Category Archives: Social justice

Modern Studies in Property Law Postgraduate conference

Louise Cheung: University of Southampton 

The MSPL Postgraduate stream in April allowed PhD students and early career researchers the opportunity to discuss their research projects, receive valuable feedback and get an insight into careers after postgraduate study. This post shall discuss the prevalent themes coming from postgraduate property law research, and highlight some particular research papers of interest.

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Cy-Pres and the Redistribution of Charitable Wealth

John Picton: Liverpool University

The charitable cy-pres doctrine permits the alteration of trust purposes. It is a complex and famously technical area of law. It was described as ‘arcane’ by Lord Diplock, and as ‘metaphysics’ by Lord Neuberger. But it is important. It permits trusts to be changed. It is also a powerful mechanism. Where once weak common law rules inhibited reform, under statute, it has real teeth. Since the enactment of pioneering legislation in the 1960s, it has been possible to reform trusts on the straightforward basis that they are unsuitable or ineffective. That broad and discretionary standard promotes active trust reform.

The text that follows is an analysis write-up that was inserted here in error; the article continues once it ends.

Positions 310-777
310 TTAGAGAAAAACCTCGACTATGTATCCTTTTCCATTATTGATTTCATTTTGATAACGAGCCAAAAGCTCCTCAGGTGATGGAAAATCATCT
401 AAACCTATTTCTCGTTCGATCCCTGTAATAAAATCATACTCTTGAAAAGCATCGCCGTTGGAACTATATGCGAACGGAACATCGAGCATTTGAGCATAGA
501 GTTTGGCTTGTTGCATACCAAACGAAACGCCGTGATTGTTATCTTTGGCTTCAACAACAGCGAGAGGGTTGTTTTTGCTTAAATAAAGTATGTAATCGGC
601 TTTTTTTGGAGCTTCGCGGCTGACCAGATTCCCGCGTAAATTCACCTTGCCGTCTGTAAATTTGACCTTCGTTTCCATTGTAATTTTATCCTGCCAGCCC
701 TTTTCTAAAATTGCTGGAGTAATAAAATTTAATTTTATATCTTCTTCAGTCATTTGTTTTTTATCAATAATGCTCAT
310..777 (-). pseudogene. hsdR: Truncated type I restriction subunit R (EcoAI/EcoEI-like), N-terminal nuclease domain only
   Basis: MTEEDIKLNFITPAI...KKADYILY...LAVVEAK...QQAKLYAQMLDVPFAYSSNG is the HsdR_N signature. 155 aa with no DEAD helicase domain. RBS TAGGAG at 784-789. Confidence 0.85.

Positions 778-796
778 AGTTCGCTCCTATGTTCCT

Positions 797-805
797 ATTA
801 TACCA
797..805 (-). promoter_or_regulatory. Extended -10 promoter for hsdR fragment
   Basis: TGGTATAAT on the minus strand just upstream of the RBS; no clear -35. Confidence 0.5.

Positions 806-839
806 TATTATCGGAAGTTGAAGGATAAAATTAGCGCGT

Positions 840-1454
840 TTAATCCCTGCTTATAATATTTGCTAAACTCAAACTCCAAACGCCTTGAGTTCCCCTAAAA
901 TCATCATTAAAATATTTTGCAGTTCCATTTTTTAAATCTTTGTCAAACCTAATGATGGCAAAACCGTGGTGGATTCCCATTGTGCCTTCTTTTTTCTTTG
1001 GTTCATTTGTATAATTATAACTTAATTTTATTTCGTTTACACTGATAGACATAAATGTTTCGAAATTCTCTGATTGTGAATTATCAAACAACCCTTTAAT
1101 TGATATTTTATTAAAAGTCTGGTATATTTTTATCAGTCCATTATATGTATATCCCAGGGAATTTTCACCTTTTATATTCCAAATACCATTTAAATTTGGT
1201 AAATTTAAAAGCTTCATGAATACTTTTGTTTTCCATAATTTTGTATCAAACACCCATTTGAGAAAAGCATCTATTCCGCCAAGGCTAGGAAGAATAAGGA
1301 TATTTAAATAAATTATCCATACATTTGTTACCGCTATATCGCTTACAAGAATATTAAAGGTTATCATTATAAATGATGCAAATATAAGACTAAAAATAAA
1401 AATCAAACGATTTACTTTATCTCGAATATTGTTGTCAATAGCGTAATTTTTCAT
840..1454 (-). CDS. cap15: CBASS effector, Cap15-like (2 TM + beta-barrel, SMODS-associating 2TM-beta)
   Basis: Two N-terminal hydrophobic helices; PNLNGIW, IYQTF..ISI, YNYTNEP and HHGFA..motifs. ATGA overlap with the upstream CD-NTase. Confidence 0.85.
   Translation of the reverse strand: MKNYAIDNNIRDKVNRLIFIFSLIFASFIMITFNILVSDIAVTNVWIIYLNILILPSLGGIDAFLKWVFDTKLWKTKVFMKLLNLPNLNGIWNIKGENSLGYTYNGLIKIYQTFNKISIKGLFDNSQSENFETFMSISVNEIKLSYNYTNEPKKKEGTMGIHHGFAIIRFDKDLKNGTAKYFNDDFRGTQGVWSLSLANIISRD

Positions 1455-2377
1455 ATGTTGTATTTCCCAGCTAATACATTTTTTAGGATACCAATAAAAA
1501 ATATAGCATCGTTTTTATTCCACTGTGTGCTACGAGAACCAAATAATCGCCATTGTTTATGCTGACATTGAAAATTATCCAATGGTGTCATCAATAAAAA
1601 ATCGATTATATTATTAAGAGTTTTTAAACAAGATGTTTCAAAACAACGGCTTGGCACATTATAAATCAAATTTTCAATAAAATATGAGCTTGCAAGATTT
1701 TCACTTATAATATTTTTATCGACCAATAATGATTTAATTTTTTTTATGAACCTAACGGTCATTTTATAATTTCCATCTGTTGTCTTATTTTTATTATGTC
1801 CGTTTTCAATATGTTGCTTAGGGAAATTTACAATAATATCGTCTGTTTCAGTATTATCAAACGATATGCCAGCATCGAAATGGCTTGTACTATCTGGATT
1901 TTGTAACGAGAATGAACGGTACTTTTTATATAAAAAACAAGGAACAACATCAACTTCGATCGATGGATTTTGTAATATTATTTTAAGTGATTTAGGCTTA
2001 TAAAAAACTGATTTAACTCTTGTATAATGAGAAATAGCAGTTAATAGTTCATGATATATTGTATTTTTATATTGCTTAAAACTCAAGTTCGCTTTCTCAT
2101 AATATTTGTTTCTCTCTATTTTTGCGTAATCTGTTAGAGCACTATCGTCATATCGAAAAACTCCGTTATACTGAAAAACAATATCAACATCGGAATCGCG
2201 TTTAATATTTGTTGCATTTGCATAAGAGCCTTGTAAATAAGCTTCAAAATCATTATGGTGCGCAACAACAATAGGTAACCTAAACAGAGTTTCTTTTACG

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E-books: A question of pricing or property?

Kate Galloway: James Cook University

In a recent post on the Volokh Conspiracy, it was reported that law professors in the US were rebelling against a text book publisher’s new pricing policy.

Under the new approach, dubbed CasebookConnect, students must return the casebook after the class ends. Students receive access to a digital copy of the casebook available from AspenLaw’s website, but they must return the physical book. Meanwhile, students pay full cost, as the price of CasebookConnect is the same as the traditional price of a new physical book.

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Modern Studies in Property Law 2014

Louise Cheung: University of Southampton

May 2014

The Modern Studies in Property Law 2014 conference served as an inspiration for the creation of this blog, and allowed for the necessary platform for academics to meet and discuss their current research. This first post serves as a review of the many prevalent themes coming from contemporary property law academic research in recent years.

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